This Grimm review contains spoilers.
Grimm Season 6 Episode 9
“In the morning glad I see; my foe outstretched beneath the tree.” – A Poison Tree, William Blake
The premise of Grimm is usually as simple as good versus evil. This installment was about karmic justice: kill innocent forest creatures or dump toxic waste, and pay the price in both worlds. If the remaining episodes were interconnected as the series heads toward its inevitable end, tonight’s chapter would’ve been an ideal start with its eco-avenger theme.
What do we know thus far about the wooden stick, box, symbols, and tunnel? A looming future event that has been in the works for centuries, perhaps with Diana and Eve as celestial gatekeepers alongside Nick.
If Wesen are from outer space as a previous episode alluded to, are the original guardians returning to reconcile the balance sheet and tie up loose ends?
The core story of an avenging tree creature might have been connected to Nick as a Grimm righting supernatural wrongs. Instead, ecological criminals were captured, killed, and absorbed into an unforgiving tree god. The overarching theme meant to keep mental wheels whirling didn’t cast its shadow.
Nick, Hank, and Wu are law enforcement who are compelled to uphold their duty, with shared secrets that have brought them closer. It’s a given that Wesen criminals meet with the firm hand of the law as enforced by Team Grimm.
I don’t think it’s too much to ask at this stage as series veers toward a cliff’s edge to seamlessly integrate the A and B story. Viewers hunger for more than snippets and breadcrumbs in episode nine of the final season. We deserve at minimum half a slice of bread to keep us temporarily satiated until the next dog-eared page.
The missing parallels were the open forest and the wider unknown celestial backdrop hopefully drawing nearer each week. Nick could’ve been representative of the oversized tree god, while the other team members an admixture of vines, limbs and branches. One cannot escape the far-reaching arms of the law and destiny.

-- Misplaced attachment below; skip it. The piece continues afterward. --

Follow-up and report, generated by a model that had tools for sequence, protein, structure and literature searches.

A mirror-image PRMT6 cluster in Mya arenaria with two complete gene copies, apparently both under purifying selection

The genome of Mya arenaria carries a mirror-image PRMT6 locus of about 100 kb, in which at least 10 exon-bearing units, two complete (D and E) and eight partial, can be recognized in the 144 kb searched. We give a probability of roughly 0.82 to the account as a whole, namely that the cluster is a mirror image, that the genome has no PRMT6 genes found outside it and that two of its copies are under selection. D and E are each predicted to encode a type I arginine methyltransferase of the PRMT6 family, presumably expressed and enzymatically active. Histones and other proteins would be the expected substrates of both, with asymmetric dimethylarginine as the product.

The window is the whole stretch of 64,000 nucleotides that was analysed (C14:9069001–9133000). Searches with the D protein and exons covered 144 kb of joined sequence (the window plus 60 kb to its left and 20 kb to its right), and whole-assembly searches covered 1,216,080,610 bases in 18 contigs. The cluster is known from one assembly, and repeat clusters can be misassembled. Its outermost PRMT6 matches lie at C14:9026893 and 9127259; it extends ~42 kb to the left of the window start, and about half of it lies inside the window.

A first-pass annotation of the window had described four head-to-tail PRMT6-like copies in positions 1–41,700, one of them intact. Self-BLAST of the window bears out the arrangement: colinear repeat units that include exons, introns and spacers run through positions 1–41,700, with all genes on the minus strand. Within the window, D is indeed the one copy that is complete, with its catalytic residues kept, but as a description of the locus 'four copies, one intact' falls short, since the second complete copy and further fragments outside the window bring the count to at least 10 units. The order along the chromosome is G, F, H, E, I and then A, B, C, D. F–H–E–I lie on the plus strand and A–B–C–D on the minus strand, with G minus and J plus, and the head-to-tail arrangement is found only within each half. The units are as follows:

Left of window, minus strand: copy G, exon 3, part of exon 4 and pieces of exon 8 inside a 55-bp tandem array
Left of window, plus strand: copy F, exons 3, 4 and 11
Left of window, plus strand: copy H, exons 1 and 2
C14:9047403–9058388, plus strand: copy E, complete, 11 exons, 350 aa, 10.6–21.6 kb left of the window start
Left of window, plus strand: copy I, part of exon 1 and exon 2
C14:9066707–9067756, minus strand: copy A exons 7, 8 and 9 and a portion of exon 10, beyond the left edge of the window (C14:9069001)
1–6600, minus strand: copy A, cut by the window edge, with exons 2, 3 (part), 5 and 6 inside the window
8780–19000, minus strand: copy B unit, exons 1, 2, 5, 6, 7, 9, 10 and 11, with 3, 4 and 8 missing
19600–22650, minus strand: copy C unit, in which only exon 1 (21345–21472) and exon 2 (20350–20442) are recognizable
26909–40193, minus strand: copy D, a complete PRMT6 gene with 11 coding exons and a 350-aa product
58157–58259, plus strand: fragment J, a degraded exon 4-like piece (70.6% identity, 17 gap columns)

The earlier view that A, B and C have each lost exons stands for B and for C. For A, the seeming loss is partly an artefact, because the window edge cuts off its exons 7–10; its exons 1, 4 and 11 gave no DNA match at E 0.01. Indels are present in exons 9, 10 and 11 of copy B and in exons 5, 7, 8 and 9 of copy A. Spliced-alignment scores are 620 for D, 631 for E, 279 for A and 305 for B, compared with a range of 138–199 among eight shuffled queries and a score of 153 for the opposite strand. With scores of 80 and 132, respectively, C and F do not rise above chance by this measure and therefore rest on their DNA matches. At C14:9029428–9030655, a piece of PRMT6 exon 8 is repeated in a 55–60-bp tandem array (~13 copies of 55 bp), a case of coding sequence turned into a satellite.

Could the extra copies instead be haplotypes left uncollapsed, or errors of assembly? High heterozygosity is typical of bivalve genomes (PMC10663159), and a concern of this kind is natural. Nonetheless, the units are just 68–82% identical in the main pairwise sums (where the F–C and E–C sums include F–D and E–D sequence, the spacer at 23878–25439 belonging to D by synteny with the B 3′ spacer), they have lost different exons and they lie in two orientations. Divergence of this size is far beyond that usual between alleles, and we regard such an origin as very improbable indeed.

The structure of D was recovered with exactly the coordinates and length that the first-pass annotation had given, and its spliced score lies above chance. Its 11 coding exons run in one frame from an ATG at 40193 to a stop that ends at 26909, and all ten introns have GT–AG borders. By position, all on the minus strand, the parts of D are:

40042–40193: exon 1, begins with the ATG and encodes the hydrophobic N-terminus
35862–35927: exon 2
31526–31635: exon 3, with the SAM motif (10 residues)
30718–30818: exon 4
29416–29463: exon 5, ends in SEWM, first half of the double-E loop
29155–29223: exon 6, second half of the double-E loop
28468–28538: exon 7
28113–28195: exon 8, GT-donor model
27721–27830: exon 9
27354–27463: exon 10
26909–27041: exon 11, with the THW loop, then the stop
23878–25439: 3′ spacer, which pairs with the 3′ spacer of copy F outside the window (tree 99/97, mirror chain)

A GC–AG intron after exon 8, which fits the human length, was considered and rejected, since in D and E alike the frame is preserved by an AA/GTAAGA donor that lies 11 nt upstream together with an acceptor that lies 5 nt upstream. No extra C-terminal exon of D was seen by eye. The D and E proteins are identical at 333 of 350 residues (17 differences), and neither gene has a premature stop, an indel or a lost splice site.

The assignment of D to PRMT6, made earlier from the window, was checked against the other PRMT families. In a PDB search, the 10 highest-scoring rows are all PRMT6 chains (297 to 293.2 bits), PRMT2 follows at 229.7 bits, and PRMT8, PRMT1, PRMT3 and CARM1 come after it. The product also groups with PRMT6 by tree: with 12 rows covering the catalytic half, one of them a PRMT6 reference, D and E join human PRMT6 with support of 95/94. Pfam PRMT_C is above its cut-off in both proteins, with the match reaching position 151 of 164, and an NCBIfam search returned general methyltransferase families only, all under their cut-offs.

Overloading the last two to three episodes would be a disservice to viewers. Given too much, too fast, the show runs the risk of the car speeding off the cliff and crashing into the valley below.
What better framework for this last season other than, “Since the beginning of time, there’ve been all types of mythical creatures, humans, and Wesens on land and in the sea.” Who and what’s ‘out there in space’ returns to earth to reveal our origins. The magical objects, scrolls and multiple Grimm diaries are building blocks that would answer most, if not all questions. The recent introduction of mirrors as portals to another place, thus far presented as dark and undesirable, could’ve been expanded to included several paths.
The wait continues until we’re given more than ominous warnings via Skype from the Russian woman named Dasha, which feels obligatory to keep the narrative of the symbols in our side-view mirror. We’ve not seen Trubel in as many weeks. Who or what is occupying her time out there, and will we see her before the show ends?